Wessex Archaeology was commissioned by Videotext Communications Ltd to carry out archaeological recording and post-excavation analysis on an archaeological evaluation by Channel 4’s ‘Time Team’ on King Charles II’s Royal Palace and racing stables in Newmarket. The current Palace House Mansion and entrance steps are Grade II* listed and the Palace House Stables are Grade II. The Palace was thought to have been constructed in 1671 by Charles II, although James I appears to have built a Palace within the near vicinity in 1608 (the exact location of which is now lost), and a second residence in 1614. Previous archaeological work on the Site has included an evaluation that revealed culverts associated with Charles II’s Palace, and at least three late medieval or post-medieval buildings. Further investigations uncovered more brick culverts, while a later watching brief recorded a wall with a built-in well, associated with the Palace complex.

The Time Team evaluation, comprising four trenches, found evidence of at least two phases of stables associated with the Palace House Mansion. The earliest phase largely conformed to a 1740s map of the complex, apart from a large internal clunchbuilt, load-bearing wall, possibly mirrored by a geophysical anomaly on the opposite side of the building. The stables were later renovated internally by the addition of a further internal clunch wall and a resurfacing of the stable floor, possibly within the 19th century. Possibly associated with this phase of remodelling was a brick-built drain. A later addition to the stables was a series of brick pads to the north-east of the central spinal wall, but their function is uncertain.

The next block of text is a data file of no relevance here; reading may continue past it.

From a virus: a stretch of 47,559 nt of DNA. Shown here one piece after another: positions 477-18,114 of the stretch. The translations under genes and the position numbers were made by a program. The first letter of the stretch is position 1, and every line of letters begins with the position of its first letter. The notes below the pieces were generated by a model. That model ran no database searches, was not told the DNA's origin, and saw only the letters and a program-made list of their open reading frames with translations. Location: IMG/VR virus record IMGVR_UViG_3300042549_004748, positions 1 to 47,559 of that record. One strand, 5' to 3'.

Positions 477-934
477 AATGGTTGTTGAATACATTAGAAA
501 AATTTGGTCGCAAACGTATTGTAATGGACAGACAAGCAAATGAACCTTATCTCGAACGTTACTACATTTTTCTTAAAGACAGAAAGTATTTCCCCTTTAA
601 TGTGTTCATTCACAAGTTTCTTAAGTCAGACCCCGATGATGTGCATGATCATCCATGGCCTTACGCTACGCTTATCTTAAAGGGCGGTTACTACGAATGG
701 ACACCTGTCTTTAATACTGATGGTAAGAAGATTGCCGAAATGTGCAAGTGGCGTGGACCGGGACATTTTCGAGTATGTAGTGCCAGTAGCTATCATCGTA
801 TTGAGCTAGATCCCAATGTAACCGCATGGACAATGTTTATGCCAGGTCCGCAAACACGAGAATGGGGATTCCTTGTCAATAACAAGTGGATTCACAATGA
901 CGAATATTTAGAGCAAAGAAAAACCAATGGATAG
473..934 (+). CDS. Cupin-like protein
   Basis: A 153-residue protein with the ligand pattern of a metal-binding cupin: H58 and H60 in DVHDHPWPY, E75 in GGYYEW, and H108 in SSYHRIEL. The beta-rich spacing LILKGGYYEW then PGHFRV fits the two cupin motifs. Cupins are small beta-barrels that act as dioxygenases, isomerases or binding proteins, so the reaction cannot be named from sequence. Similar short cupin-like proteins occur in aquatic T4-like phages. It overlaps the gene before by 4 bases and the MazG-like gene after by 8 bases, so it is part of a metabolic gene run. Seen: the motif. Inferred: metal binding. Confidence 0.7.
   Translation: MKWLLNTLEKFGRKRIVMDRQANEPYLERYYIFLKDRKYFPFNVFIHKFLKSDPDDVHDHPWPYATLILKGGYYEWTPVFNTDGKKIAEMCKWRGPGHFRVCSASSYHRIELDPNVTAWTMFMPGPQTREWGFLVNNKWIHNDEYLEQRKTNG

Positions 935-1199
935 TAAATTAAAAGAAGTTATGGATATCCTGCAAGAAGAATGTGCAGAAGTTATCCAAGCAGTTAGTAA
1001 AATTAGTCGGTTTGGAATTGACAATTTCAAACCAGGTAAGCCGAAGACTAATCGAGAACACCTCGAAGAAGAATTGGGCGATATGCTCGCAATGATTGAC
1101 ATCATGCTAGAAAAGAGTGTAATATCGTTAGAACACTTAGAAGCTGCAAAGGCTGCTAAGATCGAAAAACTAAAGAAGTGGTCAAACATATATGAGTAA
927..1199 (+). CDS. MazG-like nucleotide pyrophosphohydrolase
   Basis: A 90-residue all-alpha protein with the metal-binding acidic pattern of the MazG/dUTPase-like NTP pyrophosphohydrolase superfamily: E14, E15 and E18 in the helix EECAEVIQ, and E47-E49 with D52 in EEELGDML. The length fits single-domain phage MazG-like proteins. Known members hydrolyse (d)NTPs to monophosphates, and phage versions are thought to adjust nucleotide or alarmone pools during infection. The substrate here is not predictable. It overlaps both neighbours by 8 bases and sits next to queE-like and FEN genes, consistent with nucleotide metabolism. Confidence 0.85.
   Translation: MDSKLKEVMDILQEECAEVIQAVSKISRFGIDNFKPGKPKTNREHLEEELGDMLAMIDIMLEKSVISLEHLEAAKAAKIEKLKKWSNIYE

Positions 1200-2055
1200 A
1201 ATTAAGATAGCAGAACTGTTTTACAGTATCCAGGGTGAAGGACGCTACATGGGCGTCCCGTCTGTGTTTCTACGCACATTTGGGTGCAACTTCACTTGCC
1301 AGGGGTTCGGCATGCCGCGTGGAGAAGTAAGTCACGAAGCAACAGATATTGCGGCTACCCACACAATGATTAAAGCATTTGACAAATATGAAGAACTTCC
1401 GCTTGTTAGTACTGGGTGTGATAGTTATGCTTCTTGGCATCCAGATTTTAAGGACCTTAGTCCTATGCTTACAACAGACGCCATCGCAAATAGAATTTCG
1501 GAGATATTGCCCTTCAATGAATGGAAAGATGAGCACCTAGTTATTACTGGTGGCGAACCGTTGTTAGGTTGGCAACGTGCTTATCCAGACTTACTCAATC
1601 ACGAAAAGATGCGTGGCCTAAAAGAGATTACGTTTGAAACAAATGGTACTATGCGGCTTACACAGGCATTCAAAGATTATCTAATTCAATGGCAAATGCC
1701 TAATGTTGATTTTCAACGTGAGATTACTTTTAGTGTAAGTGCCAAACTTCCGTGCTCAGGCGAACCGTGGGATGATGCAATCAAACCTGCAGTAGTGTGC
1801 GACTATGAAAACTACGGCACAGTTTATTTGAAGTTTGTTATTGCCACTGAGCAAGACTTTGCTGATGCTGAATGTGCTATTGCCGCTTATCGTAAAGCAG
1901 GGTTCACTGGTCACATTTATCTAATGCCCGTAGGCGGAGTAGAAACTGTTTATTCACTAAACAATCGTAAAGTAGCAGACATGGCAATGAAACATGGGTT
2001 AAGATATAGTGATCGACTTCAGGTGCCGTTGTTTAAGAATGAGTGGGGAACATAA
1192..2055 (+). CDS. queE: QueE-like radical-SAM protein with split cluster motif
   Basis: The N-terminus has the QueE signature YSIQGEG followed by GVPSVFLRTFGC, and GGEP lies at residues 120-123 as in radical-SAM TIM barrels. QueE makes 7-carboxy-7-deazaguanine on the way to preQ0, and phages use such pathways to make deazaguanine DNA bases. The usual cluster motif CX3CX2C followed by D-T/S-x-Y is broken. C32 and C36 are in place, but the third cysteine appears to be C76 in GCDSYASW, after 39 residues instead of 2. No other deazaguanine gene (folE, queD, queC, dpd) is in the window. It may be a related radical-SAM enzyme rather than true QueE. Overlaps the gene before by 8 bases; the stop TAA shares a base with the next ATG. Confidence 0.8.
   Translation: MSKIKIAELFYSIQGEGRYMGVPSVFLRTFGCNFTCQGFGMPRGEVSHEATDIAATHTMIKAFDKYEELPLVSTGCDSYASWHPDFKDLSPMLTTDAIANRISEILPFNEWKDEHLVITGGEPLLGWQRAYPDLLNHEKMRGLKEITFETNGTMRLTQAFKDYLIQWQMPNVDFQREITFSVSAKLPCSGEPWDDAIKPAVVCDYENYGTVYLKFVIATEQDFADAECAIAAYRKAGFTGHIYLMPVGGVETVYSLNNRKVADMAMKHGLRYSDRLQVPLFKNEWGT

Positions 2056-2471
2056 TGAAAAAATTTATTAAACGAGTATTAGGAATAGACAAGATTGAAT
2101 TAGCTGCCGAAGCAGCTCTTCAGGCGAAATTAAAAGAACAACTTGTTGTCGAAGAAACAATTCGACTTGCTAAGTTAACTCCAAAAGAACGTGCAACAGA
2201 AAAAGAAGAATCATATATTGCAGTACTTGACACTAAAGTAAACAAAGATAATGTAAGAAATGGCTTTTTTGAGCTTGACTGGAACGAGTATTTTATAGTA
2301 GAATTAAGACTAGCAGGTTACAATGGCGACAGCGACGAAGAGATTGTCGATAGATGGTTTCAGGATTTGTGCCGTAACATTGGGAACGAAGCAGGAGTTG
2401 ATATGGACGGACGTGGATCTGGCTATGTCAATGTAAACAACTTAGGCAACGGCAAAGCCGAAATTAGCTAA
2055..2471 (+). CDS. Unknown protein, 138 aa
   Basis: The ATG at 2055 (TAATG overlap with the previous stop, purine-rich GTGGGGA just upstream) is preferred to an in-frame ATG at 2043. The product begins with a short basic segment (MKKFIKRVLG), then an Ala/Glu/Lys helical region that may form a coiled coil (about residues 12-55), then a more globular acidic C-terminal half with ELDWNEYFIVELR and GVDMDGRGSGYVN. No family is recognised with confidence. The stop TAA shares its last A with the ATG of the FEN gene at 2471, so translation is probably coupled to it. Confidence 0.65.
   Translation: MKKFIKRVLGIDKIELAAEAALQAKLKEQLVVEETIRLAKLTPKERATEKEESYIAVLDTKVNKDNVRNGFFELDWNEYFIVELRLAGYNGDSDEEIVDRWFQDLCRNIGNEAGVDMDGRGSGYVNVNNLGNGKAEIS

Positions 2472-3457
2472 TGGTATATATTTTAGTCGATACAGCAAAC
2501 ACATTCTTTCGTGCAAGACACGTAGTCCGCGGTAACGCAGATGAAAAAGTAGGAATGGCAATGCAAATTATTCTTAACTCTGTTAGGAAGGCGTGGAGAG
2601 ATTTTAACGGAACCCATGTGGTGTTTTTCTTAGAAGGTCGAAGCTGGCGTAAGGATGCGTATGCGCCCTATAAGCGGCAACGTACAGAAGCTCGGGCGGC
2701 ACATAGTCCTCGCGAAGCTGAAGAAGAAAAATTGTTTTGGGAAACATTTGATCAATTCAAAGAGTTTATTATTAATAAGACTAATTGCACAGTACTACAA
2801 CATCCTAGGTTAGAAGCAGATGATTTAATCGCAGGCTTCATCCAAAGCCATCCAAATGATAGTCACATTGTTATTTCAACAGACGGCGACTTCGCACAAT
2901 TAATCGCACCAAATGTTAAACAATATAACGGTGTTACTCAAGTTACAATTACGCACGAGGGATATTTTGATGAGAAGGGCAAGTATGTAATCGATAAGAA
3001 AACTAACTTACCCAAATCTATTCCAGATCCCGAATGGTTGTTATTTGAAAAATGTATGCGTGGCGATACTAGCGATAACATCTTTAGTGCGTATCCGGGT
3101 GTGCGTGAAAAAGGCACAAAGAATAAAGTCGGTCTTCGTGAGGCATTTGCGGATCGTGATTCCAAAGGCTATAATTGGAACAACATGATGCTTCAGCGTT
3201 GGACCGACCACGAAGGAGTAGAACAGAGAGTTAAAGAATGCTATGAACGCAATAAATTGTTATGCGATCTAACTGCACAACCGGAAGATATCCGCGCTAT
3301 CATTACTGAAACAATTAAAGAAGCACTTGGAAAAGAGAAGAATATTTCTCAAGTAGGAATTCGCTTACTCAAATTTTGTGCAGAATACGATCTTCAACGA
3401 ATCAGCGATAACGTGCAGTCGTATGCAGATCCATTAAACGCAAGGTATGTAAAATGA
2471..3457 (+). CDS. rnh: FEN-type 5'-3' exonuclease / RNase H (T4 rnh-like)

A trench placed within the current car park of Palace House Mansion revealed two, and possibly three walls that were associated with a domestic range of the Palace, probably one of the kitchens. A second trench within the car park had to be abandoned due to the high density of services running through the area.

The fourth trench was placed within the Palace Garden. This uncovered a single post-medieval or modern gully cut into the subsoil. The trench was not, however, excavated down to the natural subsoil, and there could have been further features beneath the current excavated level. 

 

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